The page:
Out and About

13th Annual Austin Gay & Lesbian International Film Festival

<i>101 Rent Boys</i>
101 Rent Boys

101 Rent Boys: Love for Sale

"Love is a four-letter word," says a hustler in 101 Rent Boys, the often surprising new documentary by Randy Barbato and Fenton Bailey (The Eyes of Tammy Faye). It's a telling declaration, given the circumstances: Love is a four-letter word for many of the men interviewed in this film because they'd rather turn tricks than bother with that emotion (besides, "you can't turn a ho into a housewife," as one of them says). To others, love is a dirty word because they want it and don't have it.

To find the 101 rent boys of the title, Barbato hired Rick Castro (who co-directed White Hustler) to scour Santa Monica Boulevard for hustlers who would take $50 to go to a hotel room and talk about themselves in front of a camera. Barbato went into production thinking he would interview them for 15 minutes, but each session lasted about two hours, and Barbato didn't really "interview" the rent boys; they just talked. "We thought maybe like five or 10 would be interesting," Barbato says from his office in Los Angeles, "but they all had incredible stories." Like the one who didn't even know his mother had died until after she had been cremated and who says she is now watching over him, and the hustler whose wife isn't angry at him for doing what he does as long as he doesn't bring home a disease. Or the man whose neurofibromatosis, which manifests itself as mole-like tumors all over the body, is turning off potential customers. Barbato says he didn't quite know how to feel at the end of the interviews. "There would be that really weird thing of having to hold back tears," he says, "or then having to hold back a hard-on but that weird combination of extreme emotions in this tiny, hot, charged room. That was really draining."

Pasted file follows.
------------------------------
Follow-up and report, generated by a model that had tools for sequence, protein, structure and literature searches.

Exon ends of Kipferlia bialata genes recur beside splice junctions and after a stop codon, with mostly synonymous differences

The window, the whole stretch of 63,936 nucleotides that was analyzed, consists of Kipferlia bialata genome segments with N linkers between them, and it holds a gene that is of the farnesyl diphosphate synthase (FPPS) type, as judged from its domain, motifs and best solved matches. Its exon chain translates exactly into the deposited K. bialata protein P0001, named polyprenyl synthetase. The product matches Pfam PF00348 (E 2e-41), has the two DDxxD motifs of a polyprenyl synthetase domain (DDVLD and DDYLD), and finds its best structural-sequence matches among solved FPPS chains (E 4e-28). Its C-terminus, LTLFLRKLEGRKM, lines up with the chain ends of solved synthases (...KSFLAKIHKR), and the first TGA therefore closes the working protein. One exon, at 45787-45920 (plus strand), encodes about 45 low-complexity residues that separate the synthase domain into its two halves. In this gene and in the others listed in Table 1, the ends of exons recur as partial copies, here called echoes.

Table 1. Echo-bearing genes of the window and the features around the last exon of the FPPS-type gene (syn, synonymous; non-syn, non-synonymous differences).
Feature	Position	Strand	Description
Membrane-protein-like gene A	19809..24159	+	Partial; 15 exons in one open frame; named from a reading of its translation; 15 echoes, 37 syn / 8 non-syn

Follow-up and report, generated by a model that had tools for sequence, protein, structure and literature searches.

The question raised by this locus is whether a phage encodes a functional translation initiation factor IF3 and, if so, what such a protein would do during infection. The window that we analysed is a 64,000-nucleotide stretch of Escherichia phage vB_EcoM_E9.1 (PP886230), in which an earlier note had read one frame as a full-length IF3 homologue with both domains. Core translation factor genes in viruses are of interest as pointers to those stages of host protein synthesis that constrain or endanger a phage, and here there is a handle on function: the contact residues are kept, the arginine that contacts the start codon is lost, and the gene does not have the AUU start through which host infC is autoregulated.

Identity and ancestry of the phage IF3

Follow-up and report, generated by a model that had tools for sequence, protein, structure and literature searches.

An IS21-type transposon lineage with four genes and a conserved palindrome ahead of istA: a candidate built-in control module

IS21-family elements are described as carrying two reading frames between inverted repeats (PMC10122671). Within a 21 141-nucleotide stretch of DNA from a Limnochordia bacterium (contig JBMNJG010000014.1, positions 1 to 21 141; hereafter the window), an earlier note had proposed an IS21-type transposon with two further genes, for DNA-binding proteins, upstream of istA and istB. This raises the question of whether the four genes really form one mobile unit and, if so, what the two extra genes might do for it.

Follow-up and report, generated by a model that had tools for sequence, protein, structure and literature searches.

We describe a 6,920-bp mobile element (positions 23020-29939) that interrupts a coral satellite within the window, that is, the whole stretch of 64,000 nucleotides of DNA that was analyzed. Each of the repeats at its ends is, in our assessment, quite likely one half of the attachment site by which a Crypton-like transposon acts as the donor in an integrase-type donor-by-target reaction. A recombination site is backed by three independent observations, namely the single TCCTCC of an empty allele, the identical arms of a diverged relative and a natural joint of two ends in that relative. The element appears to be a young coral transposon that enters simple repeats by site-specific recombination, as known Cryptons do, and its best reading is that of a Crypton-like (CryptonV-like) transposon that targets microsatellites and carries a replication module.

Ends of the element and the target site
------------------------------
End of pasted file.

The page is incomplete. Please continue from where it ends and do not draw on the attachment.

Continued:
At the Los Angeles Gay and Lesbian Film Festival, where 101 Rent Boys premiered, Barbato introduced the film by saying, "I think you're all going to be incredibly disappointed," because the heady promise of titillation inherent even in the title of this documentary is actually somewhat muted. The film has its clothing-optional moments, but "it's not really like a jerk-off film for gay men," Barbato readily acknowledges. Instead, it's the whole hustler: the befuddlement some of them express about their fates, the elation some of them feel when they satisfy their customers, and for all of them, the recognition that time, which makes things sag, is the cruelest john of all.


101 Rent Boys screens Tuesday, Aug. 29, 9:45pm, at the Arbor.

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